What NOT to Do As You Enter Menopause

by The HealthCentral Editorial Team

Don't think your sex life is over

Your sex life isn't over just because you've entered menopause. All women (and of course men) have some testosterone. In women and men, the level may drop as we age, resulting in lower sex drive. But in some women at menopause, testosterone actually increases. Also, you no longer have to deal with the nuisance of birth control. If you feel like you've really lost your libido, be sure to get tested to see if your testosterone is the problem, or perhaps another hormone.

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Don't close your mind to HRT

Thirty years ago, hormone replacement therapy (HRT) was touted as the fountain of youth and then later as the road to almost certain heart attack, stroke, and breast cancer. Neither is totally true. Recent studies have shown that the age at which you begin HRT has an impact on whether it is potentially heart-protective or a contributor to your chance of heart attack and stroke. It can be beneficial for some and harmful for others.

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Don't mistake menopause for mood disorders

No study has shown that menopause alone is linked to depression. Menopause is a signal, to our brains and to our bodies, that life is changing. Denial of that fact can lead to some serious consequences, including depression. Those willing to face the changes and let go of the irreversible ones (your child-bearing years are waning) are more likely to have less anxiety and even depression than those who feel helpless in the face of life's changing landscape.

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Don't blame weight gain on menopause

Don't use menopause as a weight gain excuse. If you watch your diet and follow a good exercise routine, you can prevent weight gain during your middle years.

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Don't give up on sleep

It's extremely important for menopausal women to get plenty of sleep - especially those on hormone therapy. To get better sleep, try going to bed at the same time every night, keep your room cool, eliminate technology, avoid napping, and don't eat a late dinner.

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Don't stress

When you're stressed, your body responds with inflammation, which is never good. This can cause adrenal fatigue, which affects other systems in your body. To eliminate stress, try meditating, doing yoga, or just taking a few minutes for yourself each day to breathe. Also be sure you're getting enough sleep.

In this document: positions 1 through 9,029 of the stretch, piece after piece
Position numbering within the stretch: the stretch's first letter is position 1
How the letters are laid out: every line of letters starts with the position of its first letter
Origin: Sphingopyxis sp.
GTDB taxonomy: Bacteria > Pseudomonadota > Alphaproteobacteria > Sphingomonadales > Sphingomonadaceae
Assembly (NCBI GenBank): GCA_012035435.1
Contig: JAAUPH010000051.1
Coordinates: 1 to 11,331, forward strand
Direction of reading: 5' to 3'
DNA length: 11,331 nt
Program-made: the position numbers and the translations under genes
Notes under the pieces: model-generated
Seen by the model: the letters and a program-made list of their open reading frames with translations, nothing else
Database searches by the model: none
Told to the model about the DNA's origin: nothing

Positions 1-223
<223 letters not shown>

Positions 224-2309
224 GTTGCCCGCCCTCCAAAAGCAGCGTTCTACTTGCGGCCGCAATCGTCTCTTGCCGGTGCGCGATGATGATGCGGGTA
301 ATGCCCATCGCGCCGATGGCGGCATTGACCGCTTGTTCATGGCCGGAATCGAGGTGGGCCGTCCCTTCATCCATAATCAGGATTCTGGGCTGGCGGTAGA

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Don't stop socializing

Studies show that menopausal women who had better mental functioning were those who interacted more with family, volunteered more, or attended more monthly meetings.

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Don't stop eating soy products

Soy foods such as soybeans, soy milk, tofu, and miso contain isoflavones or phytoestrogens that can help with menopausal symptoms such as hot flashes. These foods can also support heart health by lowering cholesterol levels and bone health by modestly increasing bone density.

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Don't give up on dieting

Diet plays an integral part in maintaining a healthy body weight during menopause. To prevent weight gain, it is important that women eat well and get regular physical activity. Eating small frequent meals with nutrient-dense foods such as vegetables, nuts, and seeds will keep energy levels high and manage appetite.

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Don't forget about your bones

To maintain healthy bones and prevent bone loss, it is important for women to ensure adequate intake of calcium and vitamin D. The recommended daily dietary allowance for calcium and vitamin D for women over age 50 years is 1200 mg and 600 IU, respectively.

The HealthCentral Editorial Team
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The HealthCentral Editorial Team

HealthCentral's team of editors based in New York City and Arlington, VA, collaborates with patient advocates, medical professionals, and health journalists worldwide to bring you medically vetted information and personal stories from people living with chronic conditions to help you navigate the best path forward with your health—no matter your starting point.